I flew to Berlin on WOW! airlines, an outfit touting scandalously cheap tickets for passage on a minimally-appointed, purple-painted fleet of Airbus 320s that aren’t cleared for uninterrupted travel over the Atlantic and therefore must stop in Iceland on the way to Europe. Nothing is included in the price of conveyance other than your seat and a single personal item of carry-on luggage. A small bottle of water bought on the plane will cost you several dollars.
The flight was delayed and I missed my connection in Iceland. Along with twenty other stranded passengers, I was then bussed off to a hotel near the airport to spend the rest of the long day on the vicinity and rise at 3am local time the following morning for the next WOW! flight to Berlin. Keflavik airfield and its surrounding infrastructure were once a U.S. air force base that operated from the 1950s until about ten years ago, I was told by the kindly manager of the simple hotel where we were quartered—a converted officer’s barracks on the sprawling one-time base. The manager also said that the U. S. has plans to construct a new, modern base on this same peninsula that juts out from the southwest corner of the island.
No one would ever visit Keflavik airport and the grim surrounding settlements for the fun of it. Its military past is obvious and gloomy, and as the bus passes roads called things like Valhalla Street and Thor Avenue that lead across the grassland to distant, widely spaced former barracks now converted into apartments, I feel more like am headed to a work camp to be housed in long rectangular concrete buildings buffeted by the relentless wind. The blocks are now inhabited by the locals, most of whom, one supposes, work at the airport. Even if the West can claim to have won the Cold War, Soviet-style architecture appears victorious on this treeless steppe. I imagined myself suddenly conscripted as extra for a Wim Wenders film—or perhaps a more menacing one dreamt up by Lars Van Trier. If it were the latter, I suspected I wouldn’t survive to get my flight the next morning.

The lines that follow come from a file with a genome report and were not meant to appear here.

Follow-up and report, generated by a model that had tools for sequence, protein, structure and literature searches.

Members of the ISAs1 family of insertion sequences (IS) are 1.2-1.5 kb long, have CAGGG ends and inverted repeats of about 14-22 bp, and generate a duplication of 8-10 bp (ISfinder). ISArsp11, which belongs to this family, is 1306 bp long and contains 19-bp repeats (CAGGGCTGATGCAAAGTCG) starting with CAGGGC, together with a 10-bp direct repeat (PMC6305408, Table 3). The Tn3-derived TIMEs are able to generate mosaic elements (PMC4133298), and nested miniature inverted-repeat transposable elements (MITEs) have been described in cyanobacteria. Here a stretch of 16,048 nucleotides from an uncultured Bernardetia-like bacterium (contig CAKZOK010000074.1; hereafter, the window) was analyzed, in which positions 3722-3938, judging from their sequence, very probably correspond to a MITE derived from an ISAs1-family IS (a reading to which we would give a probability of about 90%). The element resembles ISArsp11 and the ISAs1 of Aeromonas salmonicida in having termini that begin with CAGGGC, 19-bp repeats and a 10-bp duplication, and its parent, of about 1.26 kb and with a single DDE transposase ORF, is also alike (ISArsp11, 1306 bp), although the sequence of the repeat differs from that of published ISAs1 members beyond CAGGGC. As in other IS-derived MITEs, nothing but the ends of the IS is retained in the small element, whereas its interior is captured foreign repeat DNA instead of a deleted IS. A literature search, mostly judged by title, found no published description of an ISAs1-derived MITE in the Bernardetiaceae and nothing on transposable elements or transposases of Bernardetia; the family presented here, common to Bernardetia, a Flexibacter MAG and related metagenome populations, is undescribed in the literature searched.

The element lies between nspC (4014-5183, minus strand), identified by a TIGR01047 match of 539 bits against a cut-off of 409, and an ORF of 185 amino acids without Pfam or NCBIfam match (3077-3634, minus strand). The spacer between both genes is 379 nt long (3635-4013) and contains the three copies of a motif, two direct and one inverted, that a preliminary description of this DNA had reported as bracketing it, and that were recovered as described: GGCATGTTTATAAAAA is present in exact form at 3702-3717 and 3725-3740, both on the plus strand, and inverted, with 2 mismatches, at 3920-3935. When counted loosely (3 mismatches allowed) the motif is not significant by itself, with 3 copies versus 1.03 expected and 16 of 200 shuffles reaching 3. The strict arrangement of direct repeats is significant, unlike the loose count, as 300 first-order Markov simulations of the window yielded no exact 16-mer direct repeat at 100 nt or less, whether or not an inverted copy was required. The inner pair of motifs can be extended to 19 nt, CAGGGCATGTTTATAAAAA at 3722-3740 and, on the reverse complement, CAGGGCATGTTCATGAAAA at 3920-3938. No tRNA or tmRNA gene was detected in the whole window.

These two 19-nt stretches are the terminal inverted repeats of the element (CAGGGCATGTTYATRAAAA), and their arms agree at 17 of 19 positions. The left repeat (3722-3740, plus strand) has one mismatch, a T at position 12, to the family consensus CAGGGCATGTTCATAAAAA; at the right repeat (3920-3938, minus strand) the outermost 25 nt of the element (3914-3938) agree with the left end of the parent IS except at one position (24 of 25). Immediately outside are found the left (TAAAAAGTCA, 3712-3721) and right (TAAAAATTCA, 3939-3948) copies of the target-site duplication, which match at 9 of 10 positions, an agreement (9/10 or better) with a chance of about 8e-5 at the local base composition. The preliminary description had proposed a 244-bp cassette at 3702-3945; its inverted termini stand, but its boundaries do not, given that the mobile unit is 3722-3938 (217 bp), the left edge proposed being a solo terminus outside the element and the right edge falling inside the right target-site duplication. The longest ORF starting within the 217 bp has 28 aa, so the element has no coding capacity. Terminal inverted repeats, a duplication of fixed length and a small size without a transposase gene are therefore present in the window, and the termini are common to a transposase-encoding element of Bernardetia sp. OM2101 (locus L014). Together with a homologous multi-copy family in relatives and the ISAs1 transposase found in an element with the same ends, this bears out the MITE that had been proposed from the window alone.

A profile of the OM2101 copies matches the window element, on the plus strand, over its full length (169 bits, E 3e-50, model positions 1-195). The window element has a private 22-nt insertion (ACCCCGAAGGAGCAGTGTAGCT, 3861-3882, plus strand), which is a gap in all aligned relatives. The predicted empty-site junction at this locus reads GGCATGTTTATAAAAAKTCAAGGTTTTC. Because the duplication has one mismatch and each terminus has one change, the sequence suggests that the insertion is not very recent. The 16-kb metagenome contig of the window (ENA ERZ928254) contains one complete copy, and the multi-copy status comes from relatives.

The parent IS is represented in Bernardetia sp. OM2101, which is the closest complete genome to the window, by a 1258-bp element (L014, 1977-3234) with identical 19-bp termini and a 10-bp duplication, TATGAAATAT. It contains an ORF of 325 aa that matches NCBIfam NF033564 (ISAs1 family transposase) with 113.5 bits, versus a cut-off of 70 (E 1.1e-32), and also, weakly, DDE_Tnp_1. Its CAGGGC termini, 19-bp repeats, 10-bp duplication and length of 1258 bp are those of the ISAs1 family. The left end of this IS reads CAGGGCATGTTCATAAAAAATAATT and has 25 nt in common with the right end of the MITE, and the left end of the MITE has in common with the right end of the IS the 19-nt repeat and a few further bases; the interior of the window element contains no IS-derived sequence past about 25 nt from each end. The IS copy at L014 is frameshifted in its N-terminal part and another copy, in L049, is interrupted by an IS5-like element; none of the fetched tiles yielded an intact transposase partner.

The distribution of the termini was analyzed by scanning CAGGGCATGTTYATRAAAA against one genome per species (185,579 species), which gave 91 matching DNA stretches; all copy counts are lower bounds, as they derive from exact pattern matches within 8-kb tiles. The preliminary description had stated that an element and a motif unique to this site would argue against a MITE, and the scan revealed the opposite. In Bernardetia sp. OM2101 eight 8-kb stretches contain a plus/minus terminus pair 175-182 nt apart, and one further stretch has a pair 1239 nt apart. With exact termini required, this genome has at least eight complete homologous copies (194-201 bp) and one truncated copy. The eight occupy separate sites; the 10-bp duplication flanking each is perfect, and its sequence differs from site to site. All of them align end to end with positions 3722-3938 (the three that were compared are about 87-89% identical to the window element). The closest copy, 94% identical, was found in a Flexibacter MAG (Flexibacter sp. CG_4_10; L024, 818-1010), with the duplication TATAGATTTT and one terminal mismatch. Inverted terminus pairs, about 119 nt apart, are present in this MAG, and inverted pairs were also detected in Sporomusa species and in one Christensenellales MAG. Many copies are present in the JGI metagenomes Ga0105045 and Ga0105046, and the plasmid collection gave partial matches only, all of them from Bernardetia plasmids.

It was on this base that Pulitzer-winning American composer, and my one-time Cornell colleague, Steven Stucky, who died of brain cancer two years ago at the age of sixty-seven, was stationed as a serviceman for a couple years in the early 1970s. It was less tropical assignment than one to Southeast Asia—and a lot less lethal. Perhaps Keflavik was a sleepy fishing village back then, even if the harborside settlement was still close to the Cold War American base. The town sleeps only intermittently now, what with the jets coursing endlessly overhead. Steve must have heard a lot of them in his time here, too, but in the form of fighter planes and troop transports to Europe; after all, it was not only the Asian communists who needed to be contained.
I think of Steve often since his death, so it is strangely fitting to find myself unexpectedly in a place he spent a long, unlikely stretch in. I think of his great warmth and his gentle brilliance that sparked and flamed—and brooded, too—in the wide-ranging oeuvre he left behind. Steve was not only a celebrated composer but a wonderful writer, too—a fluent stylist whose critical ear allowed him unique insights, but who never showed off with his prose or his musical acumen. He loved to talk about music, too, and it was always a hugely illuminating pleasure to learn from him in these convivial conversations abetted by food and drink.